Four in ten Americans say relations between blacks and whites have gotten worse under the Obama administration, according to a new CNN/ORC.
Forty-five percent surveyed said race relations remain the same under Obama, while only 15 percent said they have improved.
On Saturday, President Obama made a speech at a commemorative ceremony marking the 50th anniversary of the historic civil rights marches from Selma to Montgomery, known as the "Bloody Sunday.”
"We just need to open our eyes, and ears, and hearts, to know that this nation's racial history still casts its long shadow upon us," Obama told thousands of people from across the country who packed the town of Selma, Alabama, for commemorations of the march 50 years ago.
"We know the march is not yet over, the race is not yet won, and that reaching that blessed destination where we are judged by the content of our character - requires admitting as much," he said, speaking in front of the Edmund Pettus Bridge in the riverside town.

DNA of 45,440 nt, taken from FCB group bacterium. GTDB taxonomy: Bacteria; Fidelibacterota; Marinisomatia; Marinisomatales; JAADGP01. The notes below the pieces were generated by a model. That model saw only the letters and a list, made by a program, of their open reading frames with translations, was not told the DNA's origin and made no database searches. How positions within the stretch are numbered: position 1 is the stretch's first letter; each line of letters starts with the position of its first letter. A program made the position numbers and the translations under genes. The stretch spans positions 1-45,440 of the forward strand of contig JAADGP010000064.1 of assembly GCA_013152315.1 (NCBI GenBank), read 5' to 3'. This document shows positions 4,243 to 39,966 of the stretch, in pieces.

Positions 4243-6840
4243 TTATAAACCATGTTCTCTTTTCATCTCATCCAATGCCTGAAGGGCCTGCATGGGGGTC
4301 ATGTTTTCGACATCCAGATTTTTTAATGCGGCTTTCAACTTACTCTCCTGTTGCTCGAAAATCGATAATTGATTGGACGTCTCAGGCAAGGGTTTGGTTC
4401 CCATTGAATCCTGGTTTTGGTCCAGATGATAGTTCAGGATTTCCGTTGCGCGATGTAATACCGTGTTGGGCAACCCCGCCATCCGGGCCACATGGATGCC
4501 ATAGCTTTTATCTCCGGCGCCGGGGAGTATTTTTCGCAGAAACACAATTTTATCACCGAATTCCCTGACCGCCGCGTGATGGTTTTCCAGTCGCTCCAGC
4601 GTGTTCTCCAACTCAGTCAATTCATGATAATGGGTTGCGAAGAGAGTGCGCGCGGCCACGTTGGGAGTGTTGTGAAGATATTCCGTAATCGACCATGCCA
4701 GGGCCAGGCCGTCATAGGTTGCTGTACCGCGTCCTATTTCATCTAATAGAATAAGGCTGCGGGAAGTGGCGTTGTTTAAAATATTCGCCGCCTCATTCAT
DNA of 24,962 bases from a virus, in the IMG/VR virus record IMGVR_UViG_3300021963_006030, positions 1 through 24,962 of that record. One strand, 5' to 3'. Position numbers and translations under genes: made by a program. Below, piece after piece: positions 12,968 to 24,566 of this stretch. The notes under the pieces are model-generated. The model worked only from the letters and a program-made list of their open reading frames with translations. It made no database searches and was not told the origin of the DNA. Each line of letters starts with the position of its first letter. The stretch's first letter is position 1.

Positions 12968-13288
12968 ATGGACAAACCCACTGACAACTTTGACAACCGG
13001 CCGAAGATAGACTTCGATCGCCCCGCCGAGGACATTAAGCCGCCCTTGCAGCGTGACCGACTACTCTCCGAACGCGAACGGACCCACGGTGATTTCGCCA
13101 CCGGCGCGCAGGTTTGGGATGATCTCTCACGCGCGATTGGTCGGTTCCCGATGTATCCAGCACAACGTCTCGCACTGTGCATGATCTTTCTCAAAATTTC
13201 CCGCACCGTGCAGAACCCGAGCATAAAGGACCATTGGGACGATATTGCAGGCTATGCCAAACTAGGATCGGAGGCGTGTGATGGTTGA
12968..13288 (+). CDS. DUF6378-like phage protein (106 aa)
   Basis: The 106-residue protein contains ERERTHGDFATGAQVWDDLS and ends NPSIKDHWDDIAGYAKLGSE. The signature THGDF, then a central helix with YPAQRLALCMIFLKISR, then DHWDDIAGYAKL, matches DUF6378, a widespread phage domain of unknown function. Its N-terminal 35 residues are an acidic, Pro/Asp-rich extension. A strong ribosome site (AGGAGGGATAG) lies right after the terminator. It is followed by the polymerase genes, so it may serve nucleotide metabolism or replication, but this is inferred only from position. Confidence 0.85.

Police attacked the civil rights protesters with tear gas and clobbers at the foot of the bridge on March 7, 1965, a turning point in the civil rights movement that paved the way for the passage of the Voting Rights Act five months later.
The CNN/ORC poll indicates that overall 51 percent of Americans believe the Voting Rights Act remains necessary to ensure that blacks are allowed to vote.
While 76 percent of blacks said the law was necessary in present day to make sure that blacks are able to vote. Just 48 percent of whites expressed the same view.
African Americans also have a deep distrust of the justice system in the US.
Three-quarters of the African Americans believe the US justice system favors whites over blacks, according to the poll.
According to a study by the Sentencing Project research group, one in three black males is likely to be sentenced to prison sometime during their life. The figure for white men is only one in 17.